Diplomatic Briefing

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Archive for May 20, 2022

Newsline: U.S. Embassy welcomes plan to name Moscow square ‘Defenders of Donbas’

The U.S. Embassy in Moscow said on Friday that it was surprised but not offended by a proposal to name a nearby intersection “Defenders of Donbas Square”, suggesting disingenuously that it was to honour Ukrainian soldiers fighting Russian aggression. “Surprised but not offended by the Russian government’s proposal to rename a part of downtown Moscow near the U.S. Embassy ‘Defenders of Donbas Square’, presumably in honour of Ukrainian soldiers bravely defending their homeland from Kremlin aggression,” the embassy said. “The country should know its heroes.” (https://wsau.com/2022/05/20/u-s-embassy-welcomes-plan-to-name-moscow-square-defenders-of-donbas/) The Moscow city assembly said on Wednesday that its members were considering naming the intersection after soldiers fighting against alleged “Nazism” in the largely Russian-speaking Donbas region of eastern Ukraine.

Newsline: France’s London ambassador appointed as foreign minister

President Emmanuel Macron on Friday appointed France’s current ambassador to Britain, career diplomat Catherine Colonna, as the country’s new foreign minister, the Elysee said as part of a government overhaul following his re-election in April. Outgoing Industry Minister Agnes Pannier-Runacher will take over a newly created ministerial portfolio for “energy transition”, the Elysee said. (https://finance.yahoo.com/news/macron-appoints-london-ambassador-foreign-143108322.html) They will report to Elisabeth Borne, 61, a soft-spoken, leaft-leaning career bureaucrat who Macron on Monday picked as his new prime minister, only the second woman to get the job.

Newsline: Russian top diplomat tries to keep the Kremlin’s few allies onside

Before the Feb. 24 invasion of Ukraine, Russian Foreign Minister Sergei Lavrov was one of the world’s most well-traveled diplomats — jetting off to countries near and far to discuss strategic concerns, sign cooperation deals with allies and scold what he has called the “golden billion” Western consumers who gobble up the world’s resources at everyone else’s expense. But Lavrov’s world has shrunk in the past three months. He has been to China, for a meeting of Afghanistan’s neighboring states, and to India, a major purchaser of Russian oil and weaponry. He spent a day in meetings at the Turkish resort of Antalya in early March. In his most extensive trip since the invasion, he traveled last week to Algeria, a longtime Russian partner; to Oman, which prides itself as a neutral go-between in international disputes; and to Tajikistan for a meeting of Central Asian allies. (https://www.washingtonpost.com/national-security/2022/05/19/lavrov-russia-allies-ukraine/) Official visitors to Lavrov in Moscow have been similarly few and far between. Pakistan’s foreign minister happened to be in the Russian capital the day the invasion began. The next day, Lavrov received “ministers” from the two eastern Ukrainian regions Russia has unilaterally recognized as independent countries. Counterparts from Qatar and the United Arab Emirates came in March to talk about Iran and oil; so did Iran’s foreign minister. He may have a reduced audience these days, limited to those who agree with Putin on Ukraine or feel they can’t afford not to, but Lavrov does not seem to have lost his style. The combativeness and ability to turn an insulting phrase remains, along with occasionally jarring interpretations of history.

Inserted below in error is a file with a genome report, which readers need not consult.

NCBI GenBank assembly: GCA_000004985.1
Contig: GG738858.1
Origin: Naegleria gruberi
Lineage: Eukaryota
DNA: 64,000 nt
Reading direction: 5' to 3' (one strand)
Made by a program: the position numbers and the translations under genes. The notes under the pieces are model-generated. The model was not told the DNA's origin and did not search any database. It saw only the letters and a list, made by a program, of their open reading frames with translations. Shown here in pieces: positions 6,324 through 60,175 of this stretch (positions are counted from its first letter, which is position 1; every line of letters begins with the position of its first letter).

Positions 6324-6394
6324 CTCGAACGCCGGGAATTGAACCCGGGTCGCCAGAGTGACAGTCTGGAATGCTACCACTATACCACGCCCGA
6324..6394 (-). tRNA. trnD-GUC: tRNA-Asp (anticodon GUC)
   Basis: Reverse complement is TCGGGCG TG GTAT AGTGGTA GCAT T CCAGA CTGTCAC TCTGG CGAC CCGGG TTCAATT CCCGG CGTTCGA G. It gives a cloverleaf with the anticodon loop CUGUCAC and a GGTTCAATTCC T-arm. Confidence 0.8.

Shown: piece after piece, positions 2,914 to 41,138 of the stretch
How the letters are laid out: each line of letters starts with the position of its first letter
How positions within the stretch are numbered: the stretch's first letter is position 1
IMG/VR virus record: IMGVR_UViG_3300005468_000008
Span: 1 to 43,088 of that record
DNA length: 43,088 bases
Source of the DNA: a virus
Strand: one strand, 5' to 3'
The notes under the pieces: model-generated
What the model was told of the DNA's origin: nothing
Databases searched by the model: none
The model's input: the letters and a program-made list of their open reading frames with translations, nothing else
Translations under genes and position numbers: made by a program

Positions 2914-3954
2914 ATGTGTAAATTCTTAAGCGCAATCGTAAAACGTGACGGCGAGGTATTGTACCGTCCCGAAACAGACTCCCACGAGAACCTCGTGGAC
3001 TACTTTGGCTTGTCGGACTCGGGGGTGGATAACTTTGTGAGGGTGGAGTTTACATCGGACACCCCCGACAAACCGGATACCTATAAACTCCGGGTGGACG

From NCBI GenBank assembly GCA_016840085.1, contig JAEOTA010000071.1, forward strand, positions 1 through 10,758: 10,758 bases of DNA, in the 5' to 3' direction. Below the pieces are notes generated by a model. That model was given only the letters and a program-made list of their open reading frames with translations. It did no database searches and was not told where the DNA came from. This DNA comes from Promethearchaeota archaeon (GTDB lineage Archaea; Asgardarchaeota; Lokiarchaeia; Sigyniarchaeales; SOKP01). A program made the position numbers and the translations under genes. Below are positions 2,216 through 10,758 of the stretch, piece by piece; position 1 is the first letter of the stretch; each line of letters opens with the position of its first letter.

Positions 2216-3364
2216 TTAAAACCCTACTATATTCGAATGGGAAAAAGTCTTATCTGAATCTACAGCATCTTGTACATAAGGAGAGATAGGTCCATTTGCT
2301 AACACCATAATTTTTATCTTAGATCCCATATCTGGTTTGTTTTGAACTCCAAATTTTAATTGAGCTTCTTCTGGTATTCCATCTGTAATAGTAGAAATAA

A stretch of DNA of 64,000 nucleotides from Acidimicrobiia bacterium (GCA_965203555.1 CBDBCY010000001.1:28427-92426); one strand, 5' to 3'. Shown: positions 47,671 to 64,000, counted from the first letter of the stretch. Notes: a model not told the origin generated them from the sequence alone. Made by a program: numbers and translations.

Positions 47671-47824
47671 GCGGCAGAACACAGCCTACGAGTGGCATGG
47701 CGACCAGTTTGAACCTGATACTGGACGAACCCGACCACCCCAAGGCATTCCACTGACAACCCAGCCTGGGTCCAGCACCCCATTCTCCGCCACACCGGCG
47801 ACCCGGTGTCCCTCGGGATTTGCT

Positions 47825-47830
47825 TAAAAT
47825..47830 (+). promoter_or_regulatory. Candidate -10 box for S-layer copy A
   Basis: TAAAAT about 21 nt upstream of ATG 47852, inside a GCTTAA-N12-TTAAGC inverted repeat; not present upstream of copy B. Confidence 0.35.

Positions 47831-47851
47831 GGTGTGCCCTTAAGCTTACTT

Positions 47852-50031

Newsline: Pakistan’s Youngest Top Diplomat Says He’s Ready to Redefine U.S. Relations

Pakistan’s new top diplomat has expressed his government’s will to redefine and expand the nation’s relationship with the United States after an abrupt change of power last month, in which the previous prime minister accused Washington of orchestrating his ousting. Speaking at a press conference Thursday at the United Nations Headquarters in New York, Pakistani Foreign Minister Bilawal Bhutto Zardari compared former Pakistani Prime Minister Imran Khan’s accusations against the U.S. to former President Donald Trump’s election fraud claims. But now, Zardari asserted, the priority was to move past the latest row to mend ties marred by far more deep-rooted trends, including growing U.S. engagement with Pakistan’s top rival, India. In response to Newsweek’s question, Zardari said that “Pakistan is not insecure about our relationship with the United States, and we believe that the world is big enough for Pakistan and India to exist.” “I believe that there is a lot of potential for Pakistan-U.S. relations.” he added. “And it is to the benefit of the people of Pakistan and the people of America that both our governments engage, and we look to provide opportunities to both our people to benefit from our relationship.” (https://www.newsweek.com/pakistans-youngest-top-diplomat-says-hes-ready-redefine-us-relations-1708347) At 33, Zardari is Pakistan’s youngest foreign minister, but he is no stranger to politics. He is the son of former Prime Minister Benazir Bhutto, who was assassinated by Islamist militants in 2007, leaving Zardari to co-chair the progressive Pakistan People’s Party at the age of 19 alongside his father, Asif Ali Zardari.